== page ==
The commoditisation and universalisation of data has certainly been a key change in the IR and financial services industry. Today’s IRO has easy access to information that would have been unimaginable 30 years ago. The challenge remains, however, in understanding how data should be used efficiently and strategically. It is a cliché in the industry to point out that IR is now taken more seriously by company boards but this is, of course, true. IR has become more professionalised in the UK, partly due to the impact of the IR Society. Gone are the days when fund managers and analysts would only speak to senior management, largely due to the rise in financial competence of the average IR officer (although I am not of the opinion that IROs necessarily have to be ex-analysts to have gravitas).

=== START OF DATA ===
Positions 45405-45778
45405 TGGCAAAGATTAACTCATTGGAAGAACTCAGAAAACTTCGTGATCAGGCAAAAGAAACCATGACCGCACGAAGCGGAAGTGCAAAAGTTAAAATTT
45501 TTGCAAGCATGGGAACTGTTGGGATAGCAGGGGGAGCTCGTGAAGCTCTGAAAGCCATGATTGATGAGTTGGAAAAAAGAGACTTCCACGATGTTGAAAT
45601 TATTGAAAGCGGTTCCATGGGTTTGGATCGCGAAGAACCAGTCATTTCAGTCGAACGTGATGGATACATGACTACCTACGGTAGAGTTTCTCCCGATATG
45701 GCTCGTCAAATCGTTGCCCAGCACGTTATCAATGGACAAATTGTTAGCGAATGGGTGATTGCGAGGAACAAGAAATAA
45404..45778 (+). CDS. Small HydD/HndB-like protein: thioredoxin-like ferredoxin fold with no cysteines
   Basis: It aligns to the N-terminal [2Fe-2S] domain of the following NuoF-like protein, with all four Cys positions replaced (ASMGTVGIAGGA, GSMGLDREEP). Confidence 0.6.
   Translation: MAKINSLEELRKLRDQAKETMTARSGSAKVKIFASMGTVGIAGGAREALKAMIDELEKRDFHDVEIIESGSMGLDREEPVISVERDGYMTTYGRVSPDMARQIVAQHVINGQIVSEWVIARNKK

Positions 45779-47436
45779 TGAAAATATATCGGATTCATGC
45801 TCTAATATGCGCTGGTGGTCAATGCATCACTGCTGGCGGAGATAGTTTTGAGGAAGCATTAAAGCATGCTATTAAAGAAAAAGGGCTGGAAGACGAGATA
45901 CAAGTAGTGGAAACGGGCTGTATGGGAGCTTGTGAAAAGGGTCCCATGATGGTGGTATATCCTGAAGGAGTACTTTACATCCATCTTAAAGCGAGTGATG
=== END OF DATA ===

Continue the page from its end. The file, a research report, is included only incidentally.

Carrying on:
A major change, which historical significance in total, like the French Revolution according to Zhou Enlai, has yet to be fully understood, has been the forced unbundling of broker fees to fund managers for corporate access and research. I suspect that this is only the beginning of a deeper and wider disruption of financial services as market Darwinianism and internet technology scythe their way in months through centuries-old relationships in the City. There are so many other changes to the way that the capital markets operate that have impacted on the world of IR, all of which we now take for granted: internationalisation and consolidation of the asset management sector; the rise of hedge funds and proprietary trading; the impact of EU regulation (for example, MiFIDs 1 & 2); high-frequency trading and dark pools; the rise of Asia and other emerging markets as part of the globalisation process; the increase in interest in governance and the commensurate rise in importance of the proxy advisory agencies.
Big banks are here to stay